“We developed this office building in 1986,” Leonard said, confirming the site of the capsule. “But we have not owned it in many years. Unfortunately, there is no one here now who was with our Northern Virginia operation back in the 80s. I’ve got no idea what could be in it.”

Per county records, the building was sold in 2012 to WashREIT, a D.C.-based real estate company. Deanna Schmidt, a communications official at WashREIT, confirmed that the firm knows about the capsule and said they are exploring the best ways to celebrate the capsule come 2020.

They aren’t quite sure how to go about opening it and said they will update their plans once that detail is figured out.

As for what’s in there?

“No idea,” said Schmidt.

A reader first tipped ARLnow off about the plaque, which can be seen from the corner of 11th Street N. and N. Vermont Street. Representatives for the Ballston Business Improvement District, Arlington County and Arlington Public Library’s Center for Local History were similarly unable to find any information on the time capsule.

“I’ve probably walked past that plaque 100 times without noticing,” said Peter Golkin, spokesman for the Arlington Dept. of Environmental Services.

Update on 9/20/19 — We now know at least some of what is in the capsule.

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Don’t tell the Caped Crusader, but someone swiped the name of his family’s estate for use as the name of a small garden apartment building in Arlington.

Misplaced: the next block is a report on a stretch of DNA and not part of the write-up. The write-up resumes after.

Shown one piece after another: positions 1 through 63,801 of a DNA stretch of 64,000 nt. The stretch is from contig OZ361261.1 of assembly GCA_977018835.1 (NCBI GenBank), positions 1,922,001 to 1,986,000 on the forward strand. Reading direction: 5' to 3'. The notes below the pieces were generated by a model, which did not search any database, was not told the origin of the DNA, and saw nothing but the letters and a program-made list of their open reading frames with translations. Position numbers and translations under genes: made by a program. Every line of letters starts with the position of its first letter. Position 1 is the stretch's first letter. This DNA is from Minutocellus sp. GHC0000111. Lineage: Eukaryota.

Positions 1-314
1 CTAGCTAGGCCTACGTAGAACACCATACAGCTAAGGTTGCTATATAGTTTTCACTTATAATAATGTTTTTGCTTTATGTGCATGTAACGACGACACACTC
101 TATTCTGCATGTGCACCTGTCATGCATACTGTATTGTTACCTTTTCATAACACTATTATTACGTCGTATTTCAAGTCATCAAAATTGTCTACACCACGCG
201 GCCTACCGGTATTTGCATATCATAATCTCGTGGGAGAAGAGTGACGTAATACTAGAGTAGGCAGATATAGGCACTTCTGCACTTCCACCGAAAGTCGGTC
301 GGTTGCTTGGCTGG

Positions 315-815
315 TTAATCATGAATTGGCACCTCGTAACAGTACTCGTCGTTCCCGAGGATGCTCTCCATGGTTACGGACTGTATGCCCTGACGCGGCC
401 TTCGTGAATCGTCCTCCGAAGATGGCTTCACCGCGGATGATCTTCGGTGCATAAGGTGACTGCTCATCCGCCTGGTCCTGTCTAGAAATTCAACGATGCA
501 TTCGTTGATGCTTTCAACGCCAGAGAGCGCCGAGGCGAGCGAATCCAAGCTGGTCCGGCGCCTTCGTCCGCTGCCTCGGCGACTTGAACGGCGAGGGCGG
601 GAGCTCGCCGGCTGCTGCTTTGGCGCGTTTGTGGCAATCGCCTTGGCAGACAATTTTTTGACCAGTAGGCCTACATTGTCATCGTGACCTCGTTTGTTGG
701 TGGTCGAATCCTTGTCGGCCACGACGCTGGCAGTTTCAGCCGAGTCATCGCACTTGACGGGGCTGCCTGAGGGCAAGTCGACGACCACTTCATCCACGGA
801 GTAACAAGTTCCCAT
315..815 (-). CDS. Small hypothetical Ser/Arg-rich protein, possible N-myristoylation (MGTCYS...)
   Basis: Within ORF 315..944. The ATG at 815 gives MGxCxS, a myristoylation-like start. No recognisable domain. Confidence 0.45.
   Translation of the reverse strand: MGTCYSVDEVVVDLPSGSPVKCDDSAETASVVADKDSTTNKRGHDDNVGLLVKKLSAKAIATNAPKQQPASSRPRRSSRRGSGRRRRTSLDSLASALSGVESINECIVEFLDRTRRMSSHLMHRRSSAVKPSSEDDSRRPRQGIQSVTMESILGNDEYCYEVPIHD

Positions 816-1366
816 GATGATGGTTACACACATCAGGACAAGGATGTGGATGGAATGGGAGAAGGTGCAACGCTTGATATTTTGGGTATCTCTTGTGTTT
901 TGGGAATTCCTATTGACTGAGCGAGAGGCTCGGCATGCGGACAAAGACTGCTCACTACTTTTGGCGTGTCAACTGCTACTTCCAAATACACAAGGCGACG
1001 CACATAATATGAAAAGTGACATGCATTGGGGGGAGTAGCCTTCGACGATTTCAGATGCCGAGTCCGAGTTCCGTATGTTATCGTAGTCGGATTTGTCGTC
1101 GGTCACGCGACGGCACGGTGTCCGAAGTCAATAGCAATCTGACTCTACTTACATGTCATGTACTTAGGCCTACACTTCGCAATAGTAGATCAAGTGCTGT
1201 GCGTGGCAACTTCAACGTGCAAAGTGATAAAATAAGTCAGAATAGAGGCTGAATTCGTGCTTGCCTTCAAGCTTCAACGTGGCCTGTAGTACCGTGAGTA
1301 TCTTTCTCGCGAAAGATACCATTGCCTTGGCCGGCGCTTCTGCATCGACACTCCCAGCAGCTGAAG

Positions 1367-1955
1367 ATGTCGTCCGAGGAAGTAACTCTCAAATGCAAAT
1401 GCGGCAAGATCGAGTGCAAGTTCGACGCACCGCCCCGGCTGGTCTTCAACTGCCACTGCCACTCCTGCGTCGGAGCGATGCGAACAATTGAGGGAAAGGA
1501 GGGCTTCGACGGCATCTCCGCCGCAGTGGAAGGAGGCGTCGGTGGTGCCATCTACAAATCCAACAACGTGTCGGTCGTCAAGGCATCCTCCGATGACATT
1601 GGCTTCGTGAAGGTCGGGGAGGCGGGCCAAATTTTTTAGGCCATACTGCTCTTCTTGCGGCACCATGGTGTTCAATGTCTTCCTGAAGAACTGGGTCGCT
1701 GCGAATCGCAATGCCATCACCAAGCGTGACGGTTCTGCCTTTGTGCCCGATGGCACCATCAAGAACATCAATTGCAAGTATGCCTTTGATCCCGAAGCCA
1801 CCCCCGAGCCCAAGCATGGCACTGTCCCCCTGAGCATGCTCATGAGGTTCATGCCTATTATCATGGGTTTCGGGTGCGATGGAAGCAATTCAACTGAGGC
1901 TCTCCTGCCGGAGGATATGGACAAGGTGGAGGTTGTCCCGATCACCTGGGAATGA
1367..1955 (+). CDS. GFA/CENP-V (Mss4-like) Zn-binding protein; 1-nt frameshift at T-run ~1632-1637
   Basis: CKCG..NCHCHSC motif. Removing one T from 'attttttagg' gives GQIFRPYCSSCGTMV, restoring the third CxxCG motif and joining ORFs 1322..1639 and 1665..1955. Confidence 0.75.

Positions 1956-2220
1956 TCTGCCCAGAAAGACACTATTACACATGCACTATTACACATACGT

“Wayne Manor” may conjure up images of Batman, but it’s also the name of the apartments at 500 S. Wayne Street in Penrose, according to county property records.

The apartment building was built in 1963, 24 years after the Dark Knight first appeared in comic books. The “Wayne Manor” name doesn’t seem to appear on apartment rental websites, but it was prominently featured on a commercial property sale listing from 2011.

Wayne Manor Apartments is a four-story, 15-unit, walk-up apartment building situated in the Penrose neighborhood of Arlington, Virginia. Built in 1963 and continually renovated over the years, the subject property has a history of consistently high occupancy levels with rental rates that have seen substantial growth over the last few years. Situated on a 19,250-square foot parcel of land, Wayne Manor Apartments totals 11,925 square feet of net living area… A majority of units have been updated with new kitchens including microwave ovens, bathrooms, and flooring, providing tenants with a modern living space. Due to the property’ s superior unit conditions, ample on-site parking, and the neighborhood’s recent growth and new development, top rents for one and two-bedroom units have immediate potential for growth.

Located in the Penrose neighborhood of Arlington, Virginia, the DC MSA’ s most desirable sub-market, Wayne Manor Apartments is in close proximity to public transportation, areas for recreation, new development, educational facilities, dining, entertainment, and employment hubs.

Unfortunately for Bruce Wayne wannabes with similarly deep pockets, the apartment building is no longer listed for sale.

Photo via Google Maps